Aims: Heart rate variability (HRV) is associated with cardiovascular disease (CVD) in individuals with known CVD. It is less clear whether HRV is associated with a first cardiovascular event. Therefore, we performed a meta-analysis to study the association between HRV and incident cardiovascular events in populations without known CVD.
Methods and results: We performed a meta-analysis and dose-response meta-regression of studies assessing the association between HRV and CVD. We searched Pubmed, Embase, Web of Science, Cochrane library, ScienceDirect, and CINAHL up to December 2011 for eligible studies. We selected studies that used the standard deviation of the normalized N-N interval (SDNN), low-frequency (LF) or high-frequency (HF) spectral component as a measure of HRV. Primary outcomes were (non)fatal cardiovascular events. Eight studies with a total number of 21 988 participants were included. The pooled relative risk (RR) comparing the lowest level to the highest level of SDNN was 1.35 (95% CI 1.10, 1.67). The pooled RRs for LF and HF were 1.45 (95% CI 1.12, 1.87) and 1.32 (95% CI 0.96, 1.81), respectively. In a meta-regression, the predicted RR of incident CVD of the 10th and 90th HRV (SDNN) percentiles compared with the 50th percentile were 1.50 (95% CI 1.22, 1.83) and 0.67 (95% CI 0.41, 1.09).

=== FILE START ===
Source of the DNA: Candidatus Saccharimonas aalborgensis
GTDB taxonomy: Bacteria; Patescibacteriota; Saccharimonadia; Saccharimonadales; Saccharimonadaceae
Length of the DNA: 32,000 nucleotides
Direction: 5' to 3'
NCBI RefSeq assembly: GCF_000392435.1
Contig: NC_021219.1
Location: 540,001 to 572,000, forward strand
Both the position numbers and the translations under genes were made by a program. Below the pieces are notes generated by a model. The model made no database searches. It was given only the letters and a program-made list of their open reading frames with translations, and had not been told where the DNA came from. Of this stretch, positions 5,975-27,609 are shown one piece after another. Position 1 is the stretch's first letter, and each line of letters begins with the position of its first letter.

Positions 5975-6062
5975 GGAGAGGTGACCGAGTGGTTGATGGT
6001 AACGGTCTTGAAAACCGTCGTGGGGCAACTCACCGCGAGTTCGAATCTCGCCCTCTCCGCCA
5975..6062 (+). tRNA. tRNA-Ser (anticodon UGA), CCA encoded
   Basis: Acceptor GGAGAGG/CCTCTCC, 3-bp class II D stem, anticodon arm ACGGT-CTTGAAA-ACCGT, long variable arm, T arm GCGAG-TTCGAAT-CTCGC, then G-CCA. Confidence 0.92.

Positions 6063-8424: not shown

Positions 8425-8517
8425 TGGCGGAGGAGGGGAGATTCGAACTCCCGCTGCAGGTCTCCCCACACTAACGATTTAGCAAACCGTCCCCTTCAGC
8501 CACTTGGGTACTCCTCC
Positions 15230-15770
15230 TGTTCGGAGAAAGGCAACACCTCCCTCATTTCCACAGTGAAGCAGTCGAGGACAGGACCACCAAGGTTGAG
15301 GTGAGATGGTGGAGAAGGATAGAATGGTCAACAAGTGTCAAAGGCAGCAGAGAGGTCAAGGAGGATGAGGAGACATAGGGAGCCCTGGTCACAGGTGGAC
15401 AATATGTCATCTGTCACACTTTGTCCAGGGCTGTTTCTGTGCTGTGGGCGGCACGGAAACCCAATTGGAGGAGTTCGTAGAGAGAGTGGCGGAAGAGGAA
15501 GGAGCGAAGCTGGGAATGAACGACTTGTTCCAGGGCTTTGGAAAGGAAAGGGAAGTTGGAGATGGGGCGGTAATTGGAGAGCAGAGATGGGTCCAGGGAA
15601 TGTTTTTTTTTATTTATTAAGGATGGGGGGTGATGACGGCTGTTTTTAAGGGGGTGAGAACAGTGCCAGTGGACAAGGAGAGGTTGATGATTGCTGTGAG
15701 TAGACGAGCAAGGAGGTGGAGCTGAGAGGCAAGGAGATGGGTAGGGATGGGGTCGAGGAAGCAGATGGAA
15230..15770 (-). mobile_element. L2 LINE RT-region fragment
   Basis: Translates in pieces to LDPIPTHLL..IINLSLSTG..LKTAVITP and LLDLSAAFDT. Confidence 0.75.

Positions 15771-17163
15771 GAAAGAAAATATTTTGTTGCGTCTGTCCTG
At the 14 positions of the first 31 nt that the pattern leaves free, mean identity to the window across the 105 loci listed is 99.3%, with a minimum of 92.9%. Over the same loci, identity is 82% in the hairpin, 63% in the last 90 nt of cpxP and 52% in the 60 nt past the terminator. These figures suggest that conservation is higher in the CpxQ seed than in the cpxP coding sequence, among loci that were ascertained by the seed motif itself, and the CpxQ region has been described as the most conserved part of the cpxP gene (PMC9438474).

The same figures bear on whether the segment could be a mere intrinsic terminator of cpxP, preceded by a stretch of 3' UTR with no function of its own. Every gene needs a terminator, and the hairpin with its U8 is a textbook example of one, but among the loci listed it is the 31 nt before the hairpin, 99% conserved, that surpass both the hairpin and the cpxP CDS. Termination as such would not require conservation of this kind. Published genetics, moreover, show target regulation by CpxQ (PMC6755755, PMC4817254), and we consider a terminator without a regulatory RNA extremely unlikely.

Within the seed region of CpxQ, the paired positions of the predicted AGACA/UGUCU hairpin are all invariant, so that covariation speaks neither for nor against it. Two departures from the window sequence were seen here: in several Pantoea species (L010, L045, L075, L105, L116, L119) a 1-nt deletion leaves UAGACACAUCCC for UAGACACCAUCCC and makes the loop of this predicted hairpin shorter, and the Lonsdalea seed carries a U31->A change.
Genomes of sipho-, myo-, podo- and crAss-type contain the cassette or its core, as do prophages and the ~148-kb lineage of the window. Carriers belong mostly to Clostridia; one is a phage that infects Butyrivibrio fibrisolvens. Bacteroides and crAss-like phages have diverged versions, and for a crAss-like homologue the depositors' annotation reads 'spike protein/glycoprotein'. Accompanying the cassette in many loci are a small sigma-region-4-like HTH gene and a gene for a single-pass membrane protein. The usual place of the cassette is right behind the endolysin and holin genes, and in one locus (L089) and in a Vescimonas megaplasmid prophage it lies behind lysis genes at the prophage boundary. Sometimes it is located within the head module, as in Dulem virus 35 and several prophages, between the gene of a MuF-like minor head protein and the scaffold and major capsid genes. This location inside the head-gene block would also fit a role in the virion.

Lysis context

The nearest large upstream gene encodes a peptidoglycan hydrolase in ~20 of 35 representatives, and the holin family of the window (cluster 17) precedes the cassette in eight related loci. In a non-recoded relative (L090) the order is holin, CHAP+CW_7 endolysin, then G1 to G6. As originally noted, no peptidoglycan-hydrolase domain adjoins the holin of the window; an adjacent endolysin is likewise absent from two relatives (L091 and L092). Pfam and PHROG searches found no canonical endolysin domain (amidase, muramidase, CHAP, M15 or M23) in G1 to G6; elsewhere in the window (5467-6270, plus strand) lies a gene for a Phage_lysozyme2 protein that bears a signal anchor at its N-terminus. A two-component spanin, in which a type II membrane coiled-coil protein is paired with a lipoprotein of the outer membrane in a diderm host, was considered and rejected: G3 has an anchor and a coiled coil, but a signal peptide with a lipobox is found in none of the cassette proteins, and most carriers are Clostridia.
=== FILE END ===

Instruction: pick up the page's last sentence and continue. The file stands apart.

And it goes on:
Conclusion: In conclusion, low HRV is associated with a 32-45% increased risk of a first cardiovascular event in populations without known CVD. An increase in SDNN of 1% results in an ∼1% lower risk of fatal or non-fatal CVD.